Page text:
If you have to sell a home, you need to understand that a fundamental change in the real estate market has occurred. With this change, the way that you address risk versus reward will need to be modified. No longer will you have the luxury of trying to get the top dollar for your home and suffer no negative consequence should you fail.
For most people in the real estate industry, prices have always been going up. Real estate appreciation was the rule, so pricing a home to sell, and all the various other elements in the home sales process, were based upon this important rule. So what I am trying to express is that
most real estate professionals do not know how to sell a home today!
Sadly, this is true. If you look at the home sales failure rate, it has hovered between 72% and 85% for the past two years. This means that most of the homes that came on the market during the past two years failed to sell before the end of their listing period! Does this sound like an industry that knows what it is doing?
Conventional Thinking Has To Be Thrown Out The Door
Historically, most home sellers would say "If I try to get top dollar for my home by pricing too high, I can always wait for the market to catch up to me. If I drop my price after a while, I will be dropping it to market value and it will sell." Today, they need to be thinking "If I try to get top dollar for my home by pricing too high, I risk losing a lot of money if I fail to sell it."
The consequence of failing to sell today is significantly less money for the home seller tomorrow! In the past, values were going up, so there was no negative consequence for "trying to get the top dollar." We have to know this today, and sellers need to calculate the risk versus reward benefit for trying to gain the top dollar for their home.
Risk Versus Reward In Real Estate
Imagine that you own a home that you purchased several years ago with the intent of living there for a long period of time. But life threw a curve ball at you and you now need to move. In fact, you are moving out of town and need to sell the home. Let's also add these two elements to the mix.
You owe $25K more on the home than what we think you will get at closing and your monthly expenses associated with the house is $2,500. You are moving out of the home in the new three weeks to start your new life in "Next City," so you are definitely motivated to sell.
Like most home sellers, you want to get "top dollar" for your home so you consider asking an amount that will net you zero at closing (meaning you are priced $25K higher than the market indicates your home is worth). You figure you will try it at that price for the next two months, then lower the price if it doesn't sell. After all, what harm could that cause?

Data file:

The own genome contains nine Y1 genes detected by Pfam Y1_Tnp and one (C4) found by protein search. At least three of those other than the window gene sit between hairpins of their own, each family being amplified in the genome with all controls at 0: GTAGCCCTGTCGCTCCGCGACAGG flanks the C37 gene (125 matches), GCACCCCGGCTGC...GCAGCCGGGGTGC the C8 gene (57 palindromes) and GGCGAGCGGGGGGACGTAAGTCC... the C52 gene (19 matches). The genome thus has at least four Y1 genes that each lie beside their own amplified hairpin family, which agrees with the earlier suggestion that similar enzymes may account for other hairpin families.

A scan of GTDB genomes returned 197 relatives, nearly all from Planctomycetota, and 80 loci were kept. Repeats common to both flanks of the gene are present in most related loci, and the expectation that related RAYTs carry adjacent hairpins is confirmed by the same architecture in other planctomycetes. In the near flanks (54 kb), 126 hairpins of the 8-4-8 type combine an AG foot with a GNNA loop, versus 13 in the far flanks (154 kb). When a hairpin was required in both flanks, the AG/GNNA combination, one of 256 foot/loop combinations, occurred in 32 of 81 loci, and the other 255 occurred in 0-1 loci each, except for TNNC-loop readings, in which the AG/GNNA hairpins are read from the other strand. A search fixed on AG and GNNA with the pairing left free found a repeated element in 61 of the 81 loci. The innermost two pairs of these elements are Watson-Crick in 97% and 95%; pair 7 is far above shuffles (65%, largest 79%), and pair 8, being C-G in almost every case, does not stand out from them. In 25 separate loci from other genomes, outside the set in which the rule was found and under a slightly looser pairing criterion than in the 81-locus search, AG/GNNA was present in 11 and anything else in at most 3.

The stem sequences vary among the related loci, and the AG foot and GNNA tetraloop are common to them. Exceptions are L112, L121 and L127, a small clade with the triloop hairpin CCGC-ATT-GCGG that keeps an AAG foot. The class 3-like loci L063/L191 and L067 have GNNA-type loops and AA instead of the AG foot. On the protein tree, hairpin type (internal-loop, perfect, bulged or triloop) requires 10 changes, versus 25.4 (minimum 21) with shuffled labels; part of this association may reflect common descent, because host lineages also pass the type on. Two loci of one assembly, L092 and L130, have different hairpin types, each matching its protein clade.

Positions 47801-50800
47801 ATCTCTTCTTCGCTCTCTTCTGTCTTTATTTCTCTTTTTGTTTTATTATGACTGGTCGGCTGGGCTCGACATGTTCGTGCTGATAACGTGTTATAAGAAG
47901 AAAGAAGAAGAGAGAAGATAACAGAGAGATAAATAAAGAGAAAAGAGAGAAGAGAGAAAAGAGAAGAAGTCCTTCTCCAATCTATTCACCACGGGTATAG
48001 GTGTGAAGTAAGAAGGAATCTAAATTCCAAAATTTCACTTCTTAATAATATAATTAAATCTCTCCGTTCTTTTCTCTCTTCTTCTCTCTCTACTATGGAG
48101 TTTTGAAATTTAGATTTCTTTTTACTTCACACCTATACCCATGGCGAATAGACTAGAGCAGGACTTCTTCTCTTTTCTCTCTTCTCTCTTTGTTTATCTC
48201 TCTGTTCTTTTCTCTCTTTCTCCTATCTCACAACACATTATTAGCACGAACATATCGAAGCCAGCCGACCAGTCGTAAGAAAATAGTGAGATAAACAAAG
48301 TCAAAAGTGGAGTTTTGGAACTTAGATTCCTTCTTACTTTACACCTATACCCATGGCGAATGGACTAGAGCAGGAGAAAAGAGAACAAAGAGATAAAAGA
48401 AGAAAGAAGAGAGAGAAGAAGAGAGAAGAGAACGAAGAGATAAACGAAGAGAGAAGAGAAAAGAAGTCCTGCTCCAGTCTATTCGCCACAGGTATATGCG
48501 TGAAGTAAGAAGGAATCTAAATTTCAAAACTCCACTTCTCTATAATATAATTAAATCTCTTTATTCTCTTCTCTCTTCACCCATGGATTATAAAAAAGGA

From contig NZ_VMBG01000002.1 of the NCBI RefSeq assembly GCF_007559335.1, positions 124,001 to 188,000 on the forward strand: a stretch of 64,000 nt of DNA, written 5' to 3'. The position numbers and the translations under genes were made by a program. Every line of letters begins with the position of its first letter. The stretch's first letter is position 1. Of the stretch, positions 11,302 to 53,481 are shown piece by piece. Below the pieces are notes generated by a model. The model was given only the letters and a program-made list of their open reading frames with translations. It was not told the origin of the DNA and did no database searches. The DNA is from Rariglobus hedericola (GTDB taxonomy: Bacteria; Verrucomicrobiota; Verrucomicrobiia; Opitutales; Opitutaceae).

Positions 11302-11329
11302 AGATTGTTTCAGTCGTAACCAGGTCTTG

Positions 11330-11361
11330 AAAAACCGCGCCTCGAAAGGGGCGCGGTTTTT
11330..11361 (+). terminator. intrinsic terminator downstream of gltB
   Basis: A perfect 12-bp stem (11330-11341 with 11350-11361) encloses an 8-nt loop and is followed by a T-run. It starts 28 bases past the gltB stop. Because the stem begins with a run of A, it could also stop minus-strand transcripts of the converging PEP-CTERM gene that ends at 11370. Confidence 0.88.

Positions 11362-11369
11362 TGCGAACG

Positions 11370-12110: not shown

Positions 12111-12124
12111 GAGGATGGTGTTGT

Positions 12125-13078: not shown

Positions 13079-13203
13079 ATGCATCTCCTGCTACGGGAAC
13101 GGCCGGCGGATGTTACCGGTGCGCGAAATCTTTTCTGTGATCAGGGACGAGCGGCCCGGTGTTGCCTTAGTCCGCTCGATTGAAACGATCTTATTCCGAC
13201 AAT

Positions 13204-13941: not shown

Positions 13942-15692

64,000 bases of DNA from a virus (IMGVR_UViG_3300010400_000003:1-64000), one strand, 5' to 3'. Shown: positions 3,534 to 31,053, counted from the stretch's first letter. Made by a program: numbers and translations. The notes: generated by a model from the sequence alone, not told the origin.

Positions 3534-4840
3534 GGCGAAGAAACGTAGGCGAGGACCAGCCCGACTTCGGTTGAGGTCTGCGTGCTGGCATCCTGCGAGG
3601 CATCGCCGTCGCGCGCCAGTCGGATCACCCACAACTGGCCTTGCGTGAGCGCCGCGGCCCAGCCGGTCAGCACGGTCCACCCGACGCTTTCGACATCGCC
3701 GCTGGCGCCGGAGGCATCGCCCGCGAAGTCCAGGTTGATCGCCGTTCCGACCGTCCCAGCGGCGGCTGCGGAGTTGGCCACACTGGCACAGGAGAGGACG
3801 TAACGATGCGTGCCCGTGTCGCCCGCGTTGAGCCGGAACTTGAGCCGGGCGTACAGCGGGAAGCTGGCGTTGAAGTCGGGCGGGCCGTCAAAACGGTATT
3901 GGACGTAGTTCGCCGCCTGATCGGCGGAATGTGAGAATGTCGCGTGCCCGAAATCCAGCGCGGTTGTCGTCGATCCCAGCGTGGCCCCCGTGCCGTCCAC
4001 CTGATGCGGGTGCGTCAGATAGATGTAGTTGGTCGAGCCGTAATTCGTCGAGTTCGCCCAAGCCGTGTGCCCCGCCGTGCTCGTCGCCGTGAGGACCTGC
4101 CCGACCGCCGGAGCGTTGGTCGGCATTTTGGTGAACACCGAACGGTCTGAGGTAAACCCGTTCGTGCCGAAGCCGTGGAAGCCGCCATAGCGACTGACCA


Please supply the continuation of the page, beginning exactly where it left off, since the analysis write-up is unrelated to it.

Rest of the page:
Using the real estate graph above, I have plotted the risk versus reward scenario. If the graph seems confusing, please take the time to ask questions by commenting below, as this is a very realistic situation that many homeowners could find themselves dealing with if trying to sell a home this year or next.
In our graph above, we have plotted a scenario where the seller is going to "start high then reduce" the price if it doesn't sell. The red line in the graph is the seller's asking price. The blue line is the estimated current market value, and we can see that it is dropping. For the purpose of this example, we show values declining at the same rate as the market has experienced for the past two years with a turn in two more years.
As the graphic shows, a home sale will occur when the seller's asking price and the market are in agreement on price. Could it sell for more? Sure, but most likely it won't. This is where the risk versus reward comes into play. If the house sells for more than the estimated market value, in a short enough time frame, the risk was worth it. But if it doesn't .... Did I mention that 72% to 85% of homes failed to sell in the past two years?
There are three points illustrated in the graphic above:
Point A - The sale would have to occur before this breakeven point for the risk versus reward to work out for the seller. With a monthly investment of $2,500, the seller is "risking" this each month to get a higher price.
Point B - Even though the seller will sell the home a year from now for roughly $230K, the effective sales price is $200K because of the monthly investments made by the seller.
Point C - By the time a sale occurs, the seller would have invested another $30K in monthly payments.
It is important that you have a full awareness of your situation if you plan to sell a home in the next few years. I cannot advise strongly enough to work with the absolute best real estate professional that you can hire in your market. If you are in Tallahassee, then drop us a line and let us know that you need to sell a home. If not, let us help you find the top real estate professional in your local market.
Joe Manausa, MBA is a 26 year veteran of real estate brokerage in Tallahassee, Florida and has owned and managed his own company since 1992. He is a daily blogger with content that focuses on real estate analytics and providing his clients with a tactical advantage in today's challenging market.